Unlike many, the group ballooned to nearly 11,000 members, pulling in supporters from around the state who have attended rallies and workshops and volunteered to run task forces.

“We’ve touched the lives of 11,000 women,” Sasso, a retired Indianapolis rabbi and author, said. “That’s pretty incredible. To be able to create that kind of sisterhood is extraordinary. I think we are slowly but surely making a difference. We certainly are a voice in the room.”

The group got its start in November, shortly after the election. Sasso and Williams, who is the funeral director at the Aaron Ruben Nelson Funeral and Cremation Services in Zionsville, both had grown concerned about the vitriolic rhetoric on display for the months leading up to President Trump’s victory.

“It was kind of like, ‘Are we going to sit here and complain about it or are we going to do something?’” Williams said. “I’ve never had any political aspirations before. I’ve never been involved politically, so making that first call, like so many women who are now starting to call their legislators, I was intimidated.”

They decided to reach out to the community to see whether any other women shared their fears. The pair put together a panel on women’s issues that featured Betty Cockrum, president of Planned Parenthood of Indiana and Kentucky; Christina Hale, the Democratic contender for Lt. Governor; and Sheila Suess Kennedy, a professor of law and public policy at Indiana University-Purdue University Indianapolis.

They expected about 100 women to attend the panel set to take place at the funeral home. About 900 showed up, only 500 of whom could fit in the room.

Williams said all plans went out the window. She and Sasso ended up passing around index cards, asking the huge crowd of women to write down their top concerns about their state and nation.

The four most common concerns became the four pillars, and the four task forces, of Women4Change:

Dignity and safety: This group focuses on women’s health and safety concerns, reproductive health and LGBTQ rights.

Mentor and empower: This task force works to empower women to take on political leadership roles at the local, state and national levels.

Inclusion and civility: This group fights racism and promotes civil discourse in politics.

Restructuring and activism: This group fights to reform redistricting in Indiana and supports voter rights and civics education.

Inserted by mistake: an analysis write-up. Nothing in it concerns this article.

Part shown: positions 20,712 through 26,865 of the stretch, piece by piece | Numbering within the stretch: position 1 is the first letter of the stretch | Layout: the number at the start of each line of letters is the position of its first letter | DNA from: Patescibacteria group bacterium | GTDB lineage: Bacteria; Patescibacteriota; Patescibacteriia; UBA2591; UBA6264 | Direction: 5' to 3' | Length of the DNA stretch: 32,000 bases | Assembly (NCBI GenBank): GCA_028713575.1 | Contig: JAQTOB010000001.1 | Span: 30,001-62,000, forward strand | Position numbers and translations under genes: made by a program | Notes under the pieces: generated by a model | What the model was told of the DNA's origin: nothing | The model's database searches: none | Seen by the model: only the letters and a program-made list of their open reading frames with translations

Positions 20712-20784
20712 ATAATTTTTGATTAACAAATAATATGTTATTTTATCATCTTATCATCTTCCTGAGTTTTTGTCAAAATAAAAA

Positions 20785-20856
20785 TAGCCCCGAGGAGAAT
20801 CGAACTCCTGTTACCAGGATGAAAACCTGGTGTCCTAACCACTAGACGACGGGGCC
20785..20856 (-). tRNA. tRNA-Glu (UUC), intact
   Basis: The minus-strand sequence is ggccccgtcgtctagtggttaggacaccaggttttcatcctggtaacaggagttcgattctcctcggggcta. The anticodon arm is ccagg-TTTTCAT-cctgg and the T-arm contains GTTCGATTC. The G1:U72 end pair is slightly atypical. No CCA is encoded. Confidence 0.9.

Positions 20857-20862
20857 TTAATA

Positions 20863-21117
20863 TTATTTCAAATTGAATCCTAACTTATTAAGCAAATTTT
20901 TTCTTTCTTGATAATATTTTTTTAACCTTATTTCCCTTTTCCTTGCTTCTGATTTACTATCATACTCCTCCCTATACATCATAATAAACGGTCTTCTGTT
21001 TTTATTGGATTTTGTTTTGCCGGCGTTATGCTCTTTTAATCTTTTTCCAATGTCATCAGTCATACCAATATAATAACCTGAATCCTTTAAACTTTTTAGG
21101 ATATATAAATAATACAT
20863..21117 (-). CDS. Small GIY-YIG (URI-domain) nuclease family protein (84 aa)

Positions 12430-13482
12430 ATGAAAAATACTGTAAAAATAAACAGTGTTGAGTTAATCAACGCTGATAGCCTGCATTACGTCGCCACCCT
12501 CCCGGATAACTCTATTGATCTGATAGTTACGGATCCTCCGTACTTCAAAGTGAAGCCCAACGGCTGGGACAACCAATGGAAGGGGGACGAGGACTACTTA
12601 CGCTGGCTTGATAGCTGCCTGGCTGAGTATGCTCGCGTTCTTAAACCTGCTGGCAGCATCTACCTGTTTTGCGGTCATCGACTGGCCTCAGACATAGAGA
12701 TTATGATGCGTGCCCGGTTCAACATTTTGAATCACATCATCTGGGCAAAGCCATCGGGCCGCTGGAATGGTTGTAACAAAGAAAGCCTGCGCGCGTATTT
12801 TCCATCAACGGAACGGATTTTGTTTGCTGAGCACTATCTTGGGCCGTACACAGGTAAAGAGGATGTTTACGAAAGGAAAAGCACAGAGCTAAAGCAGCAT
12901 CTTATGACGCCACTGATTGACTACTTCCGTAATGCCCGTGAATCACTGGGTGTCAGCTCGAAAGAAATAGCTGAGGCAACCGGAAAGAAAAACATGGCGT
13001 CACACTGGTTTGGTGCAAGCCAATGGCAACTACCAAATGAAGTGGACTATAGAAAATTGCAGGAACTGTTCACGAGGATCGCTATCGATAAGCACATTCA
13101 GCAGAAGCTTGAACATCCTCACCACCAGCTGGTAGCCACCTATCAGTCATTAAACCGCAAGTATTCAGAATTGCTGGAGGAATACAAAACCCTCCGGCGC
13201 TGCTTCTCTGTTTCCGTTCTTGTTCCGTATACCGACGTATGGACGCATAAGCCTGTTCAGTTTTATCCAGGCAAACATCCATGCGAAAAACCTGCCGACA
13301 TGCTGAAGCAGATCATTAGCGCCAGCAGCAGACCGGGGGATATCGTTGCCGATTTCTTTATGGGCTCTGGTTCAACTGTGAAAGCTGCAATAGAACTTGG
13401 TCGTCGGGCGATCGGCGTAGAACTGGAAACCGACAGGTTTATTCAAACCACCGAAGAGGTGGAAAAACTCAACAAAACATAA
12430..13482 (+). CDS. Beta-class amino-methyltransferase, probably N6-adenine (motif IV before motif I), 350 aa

Huge numbers of women began volunteering to head the task forces. A group of volunteers, calling themselves “Lawyers 4 Change” provide legal services to the group, while a group of volunteer accountants have helped file tax forms. A Women4Change member designed their website for free.

Williams said that group members have come forward to help every step of the way.

“The people I’ve met are incredible,” she said. “They are leaders in their field, in their respective communities. It’s just so empowering.”

In January, only about two months after the group’s founding, Gov. Eric Holcomb invited Women4Change’s leaders to meet with him on his inauguration day.

One of his staffers told Williams and other group leaders, “Right now you have a voice. If you want to be a force you have to be in every district around the state.”

Williams and the other women took his advice to heart.

Building a base

Ask any leader in Women4Change why the group’s message has proved so potent and they’ll all tell you the same thing: civility and inclusion.

On March 14, hundreds of men and women gathered at Beth-El Zedeck to hear Sheila Suess Kennedy, the law and public policy professor at IUPUI, speak about civic literacy. Before Kennedy took the podium, though, the crowd recited together what has become Women4Change’s mantra:

I pledge to be civil and respectful in my public discourse and behavior.

I will honor the dignity of others whether in agreement or disagreement.

I will respond to incivility and speak up in the presence of name-calling, stereotypes, slander and slurs.

I will do this for the sake of our children, for the healing of our country, for the future of democracy and peace.